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A level math formula

Saturday 17 June 2023

                  Formulas Of  A level Math

In this article we are covering all the basic formulas of A level math.



  •              Mensuration
  •              Binomial series
  •              Logarithms and exponentials
  •              Trigonometric Identities
  •              Integration
  •              Differentiation  
  •              Arithmetic series
  •              Geometric Series                                                    


  •              Probability
  •              Standard deviation
  •              Statistical tables


  •              Kinematics
  •              Centre s of mass
  •               Motion in a circle


     1. Mensuration
                surface area of a sphere =4πr2

               Curved surface area of a cone =πrl 

     2.  Binomial Series

              The binomial series is   the power function f(x) = (1 + x)m. You can find the series expansion with a formula:
             (a + b)n = an + (nC1)an-1b + (nC2)an-2b2 + … + (nCn-1)abn-1 + bn


   3.   Differentiation
                    Differentiation allows us to find rates of change. It also allows us to find the rate of 

change of x with respect to y, which on a graph of y against x is the gradient of the curve.:
             a.  If y = xn, dy/dx = nxn-1


             b. If y = kxn, dy/dx = nkxn-1(where k is a constant- in other words a number)


  4. Logarithms and exponentials:
           Logarithms are another way of writing indices.
            If a = bc then c = logba

     The properties of indices can be used to show that the following rules for logarithms hold:


   a.      logax +   logay = loga(xy)

    b.      logax – logay = loga(x/y)

    c.      logaxn = nlogax

             e x ln a = ax
5. Integration:
        Integration is the reverse of differentiation.


              If y = 2x + 3, dy/dx = 2

              If y = 2x + 5, dy/dx = 2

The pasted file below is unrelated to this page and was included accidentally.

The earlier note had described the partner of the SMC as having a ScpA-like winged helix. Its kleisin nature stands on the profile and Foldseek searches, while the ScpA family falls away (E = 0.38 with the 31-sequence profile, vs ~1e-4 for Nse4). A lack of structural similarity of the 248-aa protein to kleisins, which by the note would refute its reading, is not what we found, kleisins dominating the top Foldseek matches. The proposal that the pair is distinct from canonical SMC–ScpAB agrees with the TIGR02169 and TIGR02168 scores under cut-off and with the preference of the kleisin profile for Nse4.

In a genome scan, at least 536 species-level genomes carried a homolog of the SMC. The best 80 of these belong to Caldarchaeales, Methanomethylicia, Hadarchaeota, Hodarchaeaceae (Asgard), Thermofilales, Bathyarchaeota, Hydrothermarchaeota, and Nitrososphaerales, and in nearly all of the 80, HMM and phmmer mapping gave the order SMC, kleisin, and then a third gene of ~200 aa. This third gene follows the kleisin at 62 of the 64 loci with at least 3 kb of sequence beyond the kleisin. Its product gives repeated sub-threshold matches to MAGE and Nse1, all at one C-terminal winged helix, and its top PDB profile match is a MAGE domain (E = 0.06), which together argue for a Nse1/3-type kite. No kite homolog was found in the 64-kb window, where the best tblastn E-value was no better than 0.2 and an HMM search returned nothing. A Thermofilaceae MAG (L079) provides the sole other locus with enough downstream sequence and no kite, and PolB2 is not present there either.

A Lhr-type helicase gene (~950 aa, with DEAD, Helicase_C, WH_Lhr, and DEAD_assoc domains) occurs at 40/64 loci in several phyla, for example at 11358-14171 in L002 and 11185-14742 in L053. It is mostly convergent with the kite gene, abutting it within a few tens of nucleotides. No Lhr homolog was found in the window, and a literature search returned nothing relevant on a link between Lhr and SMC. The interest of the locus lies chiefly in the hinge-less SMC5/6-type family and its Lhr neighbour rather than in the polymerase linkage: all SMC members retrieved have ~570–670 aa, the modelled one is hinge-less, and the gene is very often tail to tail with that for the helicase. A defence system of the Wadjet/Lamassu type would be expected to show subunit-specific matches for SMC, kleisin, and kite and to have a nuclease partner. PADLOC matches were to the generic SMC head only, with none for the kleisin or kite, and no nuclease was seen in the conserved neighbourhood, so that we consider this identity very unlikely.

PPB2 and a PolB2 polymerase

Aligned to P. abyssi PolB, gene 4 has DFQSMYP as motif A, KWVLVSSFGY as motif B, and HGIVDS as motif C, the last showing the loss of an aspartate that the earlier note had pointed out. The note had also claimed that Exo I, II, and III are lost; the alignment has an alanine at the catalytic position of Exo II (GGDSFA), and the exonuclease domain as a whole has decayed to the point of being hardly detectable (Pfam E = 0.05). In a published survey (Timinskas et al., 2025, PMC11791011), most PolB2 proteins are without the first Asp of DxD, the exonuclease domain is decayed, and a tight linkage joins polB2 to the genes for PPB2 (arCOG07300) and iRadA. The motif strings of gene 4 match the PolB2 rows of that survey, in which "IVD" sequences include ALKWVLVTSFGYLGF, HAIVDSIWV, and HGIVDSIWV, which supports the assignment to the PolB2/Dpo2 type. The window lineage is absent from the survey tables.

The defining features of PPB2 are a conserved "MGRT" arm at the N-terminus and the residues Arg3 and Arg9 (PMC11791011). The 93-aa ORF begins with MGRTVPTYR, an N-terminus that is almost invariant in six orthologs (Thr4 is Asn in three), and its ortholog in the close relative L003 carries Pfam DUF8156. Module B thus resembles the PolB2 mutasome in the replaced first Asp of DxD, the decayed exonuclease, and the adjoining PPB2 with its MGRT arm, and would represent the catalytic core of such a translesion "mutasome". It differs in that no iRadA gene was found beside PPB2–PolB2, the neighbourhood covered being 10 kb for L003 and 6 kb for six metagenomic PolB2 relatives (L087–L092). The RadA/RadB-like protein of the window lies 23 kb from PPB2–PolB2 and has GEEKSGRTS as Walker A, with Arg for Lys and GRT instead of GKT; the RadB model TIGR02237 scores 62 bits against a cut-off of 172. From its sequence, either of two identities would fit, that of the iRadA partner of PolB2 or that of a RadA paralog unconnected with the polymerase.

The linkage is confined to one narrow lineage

If y = 2x, dy/dx = 2      

6.    Arithmetic series:
         An arithmetic progression is a sequence where each term is a certain number larger than the 

previous term.  The terms in the sequence are said to increase by a common difference, d.

For example: 3, 5, 7, 9, 11, is an arithmetic progression where d = 2. The nth term of this sequence 

is 2n + 1 .

        In general, the nth term of an arithmetic progression, with first term a and common difference d, 

is: a + (n - 1)d . So for the sequence 3, 5, 7, 9, ... Un = 3 + 2(n - 1) = 2n + 1, which we already knew

      Arithmetic progression is given by
              un = a +(n-1) d
     sum to n terms of an arithmetic progression  is given by
             Sn = ½ n [ 2a + (n - 1)d ]



 7.  Geometric series:


             A geometric progression is a sequence where each term is r times larger than the previous 

term. r is known as the common ratio of the sequence. The nth term of a geometric progression, 

where a is the first term and r is the common ratio, is:



    For example, in the following geometric progression, the first term is 1, and the common ratio is 2:

                      1, 2, 4, 8, 16, ...

      The nth term is therefore 2n-1  


      The sum of the first n terms of a geometric progression is:


                                     a(1 - r)

                                        1 – r


        1. Probability:


           The probability of an event occurring is the chance or likelihood of it occurring.

The probability of an event A, written P(A), can be between zero and one, with P(A) = 1


Probability  =

   the number of successful outcomes of an experiment


the number of possible outcomes


 The probability of a certain event occurring, for example, can be represented by P(A). The 

probability of a different event occurring can be written P(B). Clearly, therefore, for two events A and B,

                              P(A) + P(B) - P(AÇB) = P(AÈB)


                             P(A ∪ B) = P(A) + P(B) − P(A ∩ B) 


                            P(A ∩ B) = P(A) P(B | A)


                            P(A | B) = P( )P( ) P( )P( ) P( )P( )

                      Bayes’ Theorem: P(Aj | B) = P( )P( ) P( )P( ) j j i i A BA Σ A BA

         2. Standard deviation:

            The formulae for the variance and standard deviation are given below. m means the mean 

of the data.

 Variance=s2=S (xr - m)2


              The standard deviation, s, is the square root of the variance.

        What the formula means:

          1.   xr - m  means take each value in turn and subtract the mean from each value.